The Stereo - Rewind + Record (Cover Artwork)
Staff Pick

The Stereo

The Stereo: Rewind + Record

Rewind + Record (2002)

Fueled By Ramen


4.5
Bad CDs are really easy to write reviews for. Good CDs are usually pretty simple to write a review for, also. Great CDs? They take a bit more work. Usually a thesaurus is busted out, and I actually check for grammar errors. Really great CDs? Those are hard to write about. This is a re...

Bad CDs are really easy to write reviews for.

Good CDs are usually pretty simple to write a review for, also.

Great CDs? They take a bit more work. Usually a thesaurus is busted out, and I actually check for grammar errors.

Really great CDs? Those are hard to write about.

This is a really great CD.

I really don't know what to tell you. Jamie Woolford wants to be a rock star, and this album should, in all fairness, put him there. The songs are the best he's ever written. The lyrics are the most introspective and intelligent he's ever done. Sure, a lot of the tracks are about girls [shit, he's in a pop-rock band - what else would he write about?], but tracks like "Vice Versa Inquisition" and "Have I Paid My Debt To Mpls?" are lightyears beyond anything prior in the Stereo's catalog. The riffs are thicker, too, like in "1994" - definitely air-guitar worthy.

A fellow Minneapolis band's influence shows up in the intro to "Just Let Go" - I could've sworn it was a Husker Du song when it started. Of course, once the song progresses into the sugary sweet verse, you know it could only be the Stereo.

The 2 songs on this album that have previously been available as demos through the Stereo's webpage; "Pay No Attention" and "Turn Off Your T.V."; both have received pretty incredible reworkings and both sound fantastic. The guitar solos in both tracks make for a wonderful listening experience.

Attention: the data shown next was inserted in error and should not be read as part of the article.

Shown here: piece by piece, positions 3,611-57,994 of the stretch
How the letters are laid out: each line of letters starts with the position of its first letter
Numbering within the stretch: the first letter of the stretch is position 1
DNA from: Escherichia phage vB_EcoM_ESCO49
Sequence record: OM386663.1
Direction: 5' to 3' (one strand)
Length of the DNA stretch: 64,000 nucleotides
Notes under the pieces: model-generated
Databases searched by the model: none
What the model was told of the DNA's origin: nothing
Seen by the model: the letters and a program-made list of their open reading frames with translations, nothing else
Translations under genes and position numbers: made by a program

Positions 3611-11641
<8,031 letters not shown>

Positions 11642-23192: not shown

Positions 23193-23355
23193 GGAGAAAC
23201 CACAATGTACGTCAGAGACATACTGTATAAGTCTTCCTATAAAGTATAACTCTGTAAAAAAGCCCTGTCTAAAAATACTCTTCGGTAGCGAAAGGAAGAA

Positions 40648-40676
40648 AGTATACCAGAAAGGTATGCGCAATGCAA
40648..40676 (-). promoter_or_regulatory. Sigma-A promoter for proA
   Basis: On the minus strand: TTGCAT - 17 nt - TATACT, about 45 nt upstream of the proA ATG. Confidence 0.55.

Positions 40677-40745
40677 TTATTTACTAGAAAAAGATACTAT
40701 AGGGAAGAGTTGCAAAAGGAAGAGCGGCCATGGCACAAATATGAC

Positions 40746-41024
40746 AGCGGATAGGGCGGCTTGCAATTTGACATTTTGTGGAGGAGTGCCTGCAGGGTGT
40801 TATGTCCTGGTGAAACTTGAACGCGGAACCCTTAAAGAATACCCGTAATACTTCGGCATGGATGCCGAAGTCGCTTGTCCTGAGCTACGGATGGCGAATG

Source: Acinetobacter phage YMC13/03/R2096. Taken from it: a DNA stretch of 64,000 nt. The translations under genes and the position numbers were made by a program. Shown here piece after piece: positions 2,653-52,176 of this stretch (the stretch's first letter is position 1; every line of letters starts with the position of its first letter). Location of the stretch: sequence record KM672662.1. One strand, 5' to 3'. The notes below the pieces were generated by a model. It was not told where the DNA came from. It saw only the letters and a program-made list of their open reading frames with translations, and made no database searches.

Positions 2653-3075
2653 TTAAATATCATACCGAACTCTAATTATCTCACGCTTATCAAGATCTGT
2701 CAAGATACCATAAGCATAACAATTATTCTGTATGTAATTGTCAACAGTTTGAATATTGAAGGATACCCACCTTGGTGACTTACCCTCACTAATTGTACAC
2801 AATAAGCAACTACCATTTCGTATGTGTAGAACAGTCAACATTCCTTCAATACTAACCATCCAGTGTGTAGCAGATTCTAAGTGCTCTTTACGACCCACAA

"Too Little, Too Late" and "Vice Versa Inquisition / No Name #2" are both performed completely by Jamie. His programming skills have gotten much better, and the laid back groove of "No Name #2" says that he might have a trip hop record hidden in the back of him somewhere. "Too Little, Too Late" benefits from a constantly switching shuffled drum beat, keeping the song well-paced enough for Jamie to croon to his long lost love.

I really could talk forever about this album, but I don't think I could actually *say* much more. This is the best no frills pop-rock album of the year thus far. Hell, this is the best no frills pop-rock band the United States has to offer right now. It's destined to be a classic.

MP3s
Pay No Attention
Album snippet sampler